We are interested in the molecular connection between superantigens from S. aureus and the insulin signaling pathway in human adipocytes, and consequently the function of glucose and glycerol transporters. We are also investigating the nature of the interplay between leukemia cells and adipocytes. Leukemic stem cells have been shown to utilize the adipose tissue microenvironment to support their metabolism and help them evade chemotherapy. We want to elucidate what molecules are responsible for the induced lipolysis and how the lipid loaded leukemic cells persist chemotherapy, and if was can inhibit the interplay and use that in cancer therapy. To resolve these questions, we apply interdisciplinary approach by combining structural biology and microscopy.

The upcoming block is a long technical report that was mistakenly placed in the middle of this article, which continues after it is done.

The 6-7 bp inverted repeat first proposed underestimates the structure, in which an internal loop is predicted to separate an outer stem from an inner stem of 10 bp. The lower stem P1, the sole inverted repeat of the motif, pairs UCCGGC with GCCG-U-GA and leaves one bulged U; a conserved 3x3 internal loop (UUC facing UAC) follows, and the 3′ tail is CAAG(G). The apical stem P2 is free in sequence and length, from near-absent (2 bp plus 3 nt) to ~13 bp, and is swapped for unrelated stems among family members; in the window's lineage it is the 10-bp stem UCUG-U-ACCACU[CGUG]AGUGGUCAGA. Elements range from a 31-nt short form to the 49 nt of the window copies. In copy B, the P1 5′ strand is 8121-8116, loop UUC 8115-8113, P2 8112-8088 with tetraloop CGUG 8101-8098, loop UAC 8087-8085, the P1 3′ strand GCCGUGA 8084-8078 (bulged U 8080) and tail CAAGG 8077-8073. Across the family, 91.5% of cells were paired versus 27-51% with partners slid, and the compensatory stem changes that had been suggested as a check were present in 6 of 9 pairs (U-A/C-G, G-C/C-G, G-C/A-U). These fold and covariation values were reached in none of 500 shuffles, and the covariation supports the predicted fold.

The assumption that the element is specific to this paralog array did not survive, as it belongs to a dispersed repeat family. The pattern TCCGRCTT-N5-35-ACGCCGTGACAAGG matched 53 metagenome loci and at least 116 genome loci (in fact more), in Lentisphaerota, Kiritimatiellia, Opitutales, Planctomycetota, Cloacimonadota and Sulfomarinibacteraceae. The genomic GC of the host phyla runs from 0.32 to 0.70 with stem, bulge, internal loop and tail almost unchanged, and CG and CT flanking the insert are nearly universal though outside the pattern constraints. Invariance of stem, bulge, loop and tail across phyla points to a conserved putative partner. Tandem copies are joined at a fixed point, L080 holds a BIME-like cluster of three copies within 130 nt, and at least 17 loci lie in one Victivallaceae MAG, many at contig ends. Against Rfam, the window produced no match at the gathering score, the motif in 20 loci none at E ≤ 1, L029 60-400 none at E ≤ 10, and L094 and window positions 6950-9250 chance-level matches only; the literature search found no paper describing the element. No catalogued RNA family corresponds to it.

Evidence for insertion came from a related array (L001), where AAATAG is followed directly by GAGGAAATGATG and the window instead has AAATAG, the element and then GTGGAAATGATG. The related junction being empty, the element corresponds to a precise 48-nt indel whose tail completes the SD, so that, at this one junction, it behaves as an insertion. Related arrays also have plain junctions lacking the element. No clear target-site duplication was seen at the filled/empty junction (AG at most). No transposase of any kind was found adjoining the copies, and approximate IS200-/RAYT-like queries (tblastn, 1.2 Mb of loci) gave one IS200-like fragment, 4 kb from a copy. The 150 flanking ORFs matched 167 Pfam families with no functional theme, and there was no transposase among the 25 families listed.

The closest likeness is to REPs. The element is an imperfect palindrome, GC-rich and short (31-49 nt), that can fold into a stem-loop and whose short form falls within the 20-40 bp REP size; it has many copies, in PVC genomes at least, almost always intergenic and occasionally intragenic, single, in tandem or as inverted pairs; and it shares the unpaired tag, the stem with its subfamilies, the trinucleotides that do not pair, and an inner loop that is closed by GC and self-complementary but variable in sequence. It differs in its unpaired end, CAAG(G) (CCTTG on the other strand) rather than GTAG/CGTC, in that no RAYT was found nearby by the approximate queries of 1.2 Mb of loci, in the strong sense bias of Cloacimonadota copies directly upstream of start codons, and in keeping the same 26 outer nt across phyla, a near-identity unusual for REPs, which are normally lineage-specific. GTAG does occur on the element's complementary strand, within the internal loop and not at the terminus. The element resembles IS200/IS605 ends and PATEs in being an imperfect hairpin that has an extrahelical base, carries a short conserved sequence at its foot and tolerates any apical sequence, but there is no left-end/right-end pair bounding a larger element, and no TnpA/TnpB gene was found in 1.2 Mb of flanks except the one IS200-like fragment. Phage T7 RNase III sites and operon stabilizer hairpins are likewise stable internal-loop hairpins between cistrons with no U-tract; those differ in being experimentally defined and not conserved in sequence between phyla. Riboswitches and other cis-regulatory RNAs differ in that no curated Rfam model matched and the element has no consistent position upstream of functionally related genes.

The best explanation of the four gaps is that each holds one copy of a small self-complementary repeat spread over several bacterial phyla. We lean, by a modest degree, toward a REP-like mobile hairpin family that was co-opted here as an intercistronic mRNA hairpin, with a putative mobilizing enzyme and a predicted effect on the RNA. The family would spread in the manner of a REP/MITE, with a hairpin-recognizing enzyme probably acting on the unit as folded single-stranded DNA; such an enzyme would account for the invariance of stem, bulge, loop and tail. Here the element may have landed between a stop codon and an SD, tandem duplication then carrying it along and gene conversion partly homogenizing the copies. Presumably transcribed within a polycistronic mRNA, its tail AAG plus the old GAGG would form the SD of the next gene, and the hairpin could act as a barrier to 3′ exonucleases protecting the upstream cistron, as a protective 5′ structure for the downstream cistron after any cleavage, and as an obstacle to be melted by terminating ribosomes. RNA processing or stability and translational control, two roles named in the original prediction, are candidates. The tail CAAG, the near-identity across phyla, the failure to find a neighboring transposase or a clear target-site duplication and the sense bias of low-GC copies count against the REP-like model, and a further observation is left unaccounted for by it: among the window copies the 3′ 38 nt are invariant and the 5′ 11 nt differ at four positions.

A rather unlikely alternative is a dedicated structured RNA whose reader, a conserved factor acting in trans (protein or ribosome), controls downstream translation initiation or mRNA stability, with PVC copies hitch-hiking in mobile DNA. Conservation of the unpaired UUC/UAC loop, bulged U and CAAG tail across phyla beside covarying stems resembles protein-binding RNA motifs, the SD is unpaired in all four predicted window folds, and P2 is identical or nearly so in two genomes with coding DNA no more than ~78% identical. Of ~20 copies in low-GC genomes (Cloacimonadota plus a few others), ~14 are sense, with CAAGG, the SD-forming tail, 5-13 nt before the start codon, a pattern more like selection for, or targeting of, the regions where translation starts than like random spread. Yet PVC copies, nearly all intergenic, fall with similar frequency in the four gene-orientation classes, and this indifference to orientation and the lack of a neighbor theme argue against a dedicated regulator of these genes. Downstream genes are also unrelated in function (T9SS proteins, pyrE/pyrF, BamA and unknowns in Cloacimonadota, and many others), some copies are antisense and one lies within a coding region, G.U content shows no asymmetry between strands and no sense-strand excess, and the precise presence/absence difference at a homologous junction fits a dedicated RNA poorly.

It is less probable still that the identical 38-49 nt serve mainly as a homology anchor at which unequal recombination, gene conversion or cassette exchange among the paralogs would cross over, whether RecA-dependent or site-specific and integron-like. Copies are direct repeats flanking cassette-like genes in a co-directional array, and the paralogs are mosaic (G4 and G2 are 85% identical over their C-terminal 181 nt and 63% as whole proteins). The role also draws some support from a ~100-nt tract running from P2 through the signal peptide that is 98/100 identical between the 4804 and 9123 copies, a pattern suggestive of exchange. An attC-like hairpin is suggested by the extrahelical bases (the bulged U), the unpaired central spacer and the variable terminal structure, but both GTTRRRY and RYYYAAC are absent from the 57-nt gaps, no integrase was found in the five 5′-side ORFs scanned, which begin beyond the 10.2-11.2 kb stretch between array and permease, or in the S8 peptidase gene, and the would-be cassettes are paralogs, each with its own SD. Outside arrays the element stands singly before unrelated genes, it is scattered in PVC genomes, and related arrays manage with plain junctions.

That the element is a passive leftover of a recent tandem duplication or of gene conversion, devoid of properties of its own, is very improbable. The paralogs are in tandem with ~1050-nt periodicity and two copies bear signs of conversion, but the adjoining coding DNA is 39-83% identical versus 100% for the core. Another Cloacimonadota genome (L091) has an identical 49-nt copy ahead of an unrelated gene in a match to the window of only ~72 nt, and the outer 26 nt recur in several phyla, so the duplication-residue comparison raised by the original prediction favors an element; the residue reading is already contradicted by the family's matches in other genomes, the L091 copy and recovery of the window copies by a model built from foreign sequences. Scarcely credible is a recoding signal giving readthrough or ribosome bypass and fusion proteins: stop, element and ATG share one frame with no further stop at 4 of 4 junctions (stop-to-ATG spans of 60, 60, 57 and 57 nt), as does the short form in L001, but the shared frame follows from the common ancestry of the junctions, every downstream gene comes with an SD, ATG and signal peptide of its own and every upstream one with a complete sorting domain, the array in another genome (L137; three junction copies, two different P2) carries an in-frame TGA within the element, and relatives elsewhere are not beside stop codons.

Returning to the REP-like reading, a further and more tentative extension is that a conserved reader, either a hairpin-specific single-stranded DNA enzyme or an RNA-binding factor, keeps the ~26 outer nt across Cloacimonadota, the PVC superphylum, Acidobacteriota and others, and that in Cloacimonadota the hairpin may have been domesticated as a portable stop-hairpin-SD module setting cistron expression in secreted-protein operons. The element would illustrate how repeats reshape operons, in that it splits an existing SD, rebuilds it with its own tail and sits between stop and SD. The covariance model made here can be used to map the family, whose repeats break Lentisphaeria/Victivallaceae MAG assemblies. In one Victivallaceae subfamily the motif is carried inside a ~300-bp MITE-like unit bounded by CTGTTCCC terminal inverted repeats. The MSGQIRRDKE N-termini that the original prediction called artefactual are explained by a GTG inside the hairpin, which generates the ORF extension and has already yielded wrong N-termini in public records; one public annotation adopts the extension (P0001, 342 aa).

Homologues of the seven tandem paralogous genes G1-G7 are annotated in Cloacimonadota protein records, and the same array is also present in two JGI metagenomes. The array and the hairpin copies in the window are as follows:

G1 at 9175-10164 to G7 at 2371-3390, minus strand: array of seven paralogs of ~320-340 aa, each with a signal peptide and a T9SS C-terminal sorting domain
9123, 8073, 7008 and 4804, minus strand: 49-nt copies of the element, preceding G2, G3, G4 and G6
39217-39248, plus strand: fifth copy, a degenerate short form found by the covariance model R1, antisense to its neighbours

The main objectives for Lindkvist laboratory are to make use of structural biology techniques, such as X-ray crystallography, and combine that with microscopy to reveal mechanisms of action in the metabolic systems in the human body. We have for many years been studying the role of bacterial toxins (superantigens) in the immune system, as well as the specificity of certain channels facilitating the transport of glucose and glycerol. More recent insights have generated an entirely new perspective suggesting that an altered microbiota can contribute to development of insulin resistance. But the molecular connection between altered microbiota and insulin resistance, and hence development of metabolic disorders, is still unclear. Yet, recently it was discovered that bacterial toxins (superantigens) cause rabbits to develop the hallmark symptoms of type 2 diabetes, including insulin resistance and glucose intolerance.